Then everyone was asked, how fairly did you act?, from "extremely unfairly" (1) to "extremely fairly" (7). Next they watched someone else make the assignments, and judged that person's ethics. Selflessness was a virtual no-show: 87 out of 94 people opted for the easy task and gave the next guy the onerous one. — Sharon Begley, Newsweek, 23 June 2008 The first hitch occurred when the state education department took a full six months after the new law was adopted to issue 12 pages of onerous rules and regulations governing Arkansas charter schools. — Wendy Cole, Time, 10 June 2000 Environmentalism poses stark issues of survival, for humankind and for all those other tribes of creatures over which we have exercised our onerous dominion. — Marilynne Robinson, The Death of Adam, 1998 Rap tested well, but early on the promoters said they wouldn't be booking any gangsta rap, a move at least partly designed to calm security concerns during the onerous process of complying with the strict mass-gathering laws enacted in the wake of the 1969 festival. — John Milward, Rolling Stone, 11 Aug. 1994 The government imposed onerous taxes on imports. had the onerous and stressful job of notifying the families of soldiers killed in action
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Recent Examples on the Web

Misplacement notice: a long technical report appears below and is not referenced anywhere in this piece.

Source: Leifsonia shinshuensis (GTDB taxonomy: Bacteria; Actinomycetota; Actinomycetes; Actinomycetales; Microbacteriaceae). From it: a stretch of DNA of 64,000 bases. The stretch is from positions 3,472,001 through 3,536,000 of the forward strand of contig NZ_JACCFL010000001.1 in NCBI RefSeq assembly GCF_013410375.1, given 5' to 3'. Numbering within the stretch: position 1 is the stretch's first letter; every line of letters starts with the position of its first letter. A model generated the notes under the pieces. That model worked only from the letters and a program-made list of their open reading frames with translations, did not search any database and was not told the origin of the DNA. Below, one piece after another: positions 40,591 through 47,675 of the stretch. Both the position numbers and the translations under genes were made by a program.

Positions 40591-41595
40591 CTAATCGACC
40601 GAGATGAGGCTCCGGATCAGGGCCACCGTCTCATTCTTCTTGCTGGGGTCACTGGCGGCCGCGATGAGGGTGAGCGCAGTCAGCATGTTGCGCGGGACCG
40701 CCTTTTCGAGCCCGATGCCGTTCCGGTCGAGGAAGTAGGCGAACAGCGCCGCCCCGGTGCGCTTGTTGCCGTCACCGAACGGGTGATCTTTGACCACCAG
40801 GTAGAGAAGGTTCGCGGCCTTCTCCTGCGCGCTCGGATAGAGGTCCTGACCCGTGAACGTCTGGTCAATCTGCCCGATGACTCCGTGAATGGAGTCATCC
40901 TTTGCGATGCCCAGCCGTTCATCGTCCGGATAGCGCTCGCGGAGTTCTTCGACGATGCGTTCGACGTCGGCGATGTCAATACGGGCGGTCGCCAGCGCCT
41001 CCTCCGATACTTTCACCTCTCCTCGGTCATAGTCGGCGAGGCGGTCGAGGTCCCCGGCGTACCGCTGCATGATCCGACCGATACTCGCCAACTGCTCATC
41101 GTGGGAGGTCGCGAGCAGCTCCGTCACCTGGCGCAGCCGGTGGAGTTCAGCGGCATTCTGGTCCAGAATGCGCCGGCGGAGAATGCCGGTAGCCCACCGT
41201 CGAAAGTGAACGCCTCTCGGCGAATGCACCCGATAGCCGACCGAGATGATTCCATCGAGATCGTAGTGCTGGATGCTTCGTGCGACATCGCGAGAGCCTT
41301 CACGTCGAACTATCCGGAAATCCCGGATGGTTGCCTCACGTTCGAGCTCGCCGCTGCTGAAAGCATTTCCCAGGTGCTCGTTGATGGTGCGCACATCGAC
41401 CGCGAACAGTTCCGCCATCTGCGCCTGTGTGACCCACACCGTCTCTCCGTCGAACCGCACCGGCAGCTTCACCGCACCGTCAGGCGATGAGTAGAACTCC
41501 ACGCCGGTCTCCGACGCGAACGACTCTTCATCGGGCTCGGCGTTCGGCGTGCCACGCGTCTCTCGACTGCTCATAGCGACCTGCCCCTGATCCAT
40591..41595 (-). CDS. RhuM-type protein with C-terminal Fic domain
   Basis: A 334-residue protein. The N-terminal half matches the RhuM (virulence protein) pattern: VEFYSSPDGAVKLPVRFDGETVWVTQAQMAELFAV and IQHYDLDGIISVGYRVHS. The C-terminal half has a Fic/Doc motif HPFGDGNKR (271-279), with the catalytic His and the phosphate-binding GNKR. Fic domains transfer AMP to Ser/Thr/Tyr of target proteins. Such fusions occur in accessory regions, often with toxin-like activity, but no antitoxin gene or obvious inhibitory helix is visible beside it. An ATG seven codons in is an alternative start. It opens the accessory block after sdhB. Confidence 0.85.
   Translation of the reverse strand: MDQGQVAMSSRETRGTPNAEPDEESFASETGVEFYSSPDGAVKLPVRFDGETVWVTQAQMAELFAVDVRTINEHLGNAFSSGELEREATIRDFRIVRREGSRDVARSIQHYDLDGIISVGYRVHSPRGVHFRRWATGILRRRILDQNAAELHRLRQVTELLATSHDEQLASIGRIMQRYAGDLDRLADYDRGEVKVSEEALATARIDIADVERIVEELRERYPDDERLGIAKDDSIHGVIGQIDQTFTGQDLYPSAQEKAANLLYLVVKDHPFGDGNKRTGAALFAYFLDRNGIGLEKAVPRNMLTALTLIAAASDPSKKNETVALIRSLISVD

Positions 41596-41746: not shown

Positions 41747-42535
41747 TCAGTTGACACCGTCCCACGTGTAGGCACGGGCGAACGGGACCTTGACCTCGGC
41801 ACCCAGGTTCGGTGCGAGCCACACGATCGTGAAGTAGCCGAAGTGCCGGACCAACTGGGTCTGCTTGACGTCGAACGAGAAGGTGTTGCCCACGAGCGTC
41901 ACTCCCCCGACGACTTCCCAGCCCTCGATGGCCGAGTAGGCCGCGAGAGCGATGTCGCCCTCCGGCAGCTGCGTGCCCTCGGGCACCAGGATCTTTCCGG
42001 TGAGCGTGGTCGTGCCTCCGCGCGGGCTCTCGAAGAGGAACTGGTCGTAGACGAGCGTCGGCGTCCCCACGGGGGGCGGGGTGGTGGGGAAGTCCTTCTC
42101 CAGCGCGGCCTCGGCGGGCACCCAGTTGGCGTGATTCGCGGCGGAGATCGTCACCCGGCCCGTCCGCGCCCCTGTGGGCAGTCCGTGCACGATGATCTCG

Still, for cash-rich Google, the financial penalty—while significant—is potentially less onerous than business changes Brussels has ordered in how Google structures deals between itself and manufacturers. Fox News, "Google is fined $5 billion by EU in Android antitrust case," 2 Oct. 2018 But shippers say the fees are often onerous and don’t take into account the delays that arise when ports are backed up for various reasons. Erica E. Phillips, WSJ, "Truck Technology Startup Raises $97 Million for Port Freight Plan," 23 Jan. 2019 Still, legislative leaders had initially been resistant to the idea of any income tax increase in a state where residents already face some of the most onerous tax burdens in the country. Nick Corasaniti, New York Times, "Last-Minute Budget Deal Averts Shutdown in New Jersey," 30 June 2018 As such, mandatory cybersecurity requirements could be inadequate for some sectors and needlessly onerous for others. WSJ, "Should the Government Require Companies to Meet Cybersecurity Standards for Critical Infrastructure?," 12 Nov. 2018 The penalties become more onerous for teams that spend like the Red Sox over multiple seasons. Jared Diamond, WSJ, "How MLB’s Luxury Tax Has Put a Deep Freeze on Spending," 11 Jan. 2019 Parents, teachers and school directors say the additional hours would prove onerous for parents, many of whom work full-time jobs and consider cooperative preschools an affordable option for early-childhood education. Debbie Truong, Washington Post, "Parents fear proposed regulations could jeopardize co-op preschools in Virginia," 10 July 2018 Initially moderate terms for lending on the port project became more onerous as Sri Lankan officials asked to renegotiate the timeline and add more financing. Maria Abi-habib, New York Times, "How China Got Sri Lanka to Cough Up a Port," 25 June 2018 Canada might consent to more onerous conditions for a vehicle to be imported duty-free within NAFTA, including on wages and the amount of North American content. The Economist, "Donald Trump stomps on Canada’s economy," 14 June 2018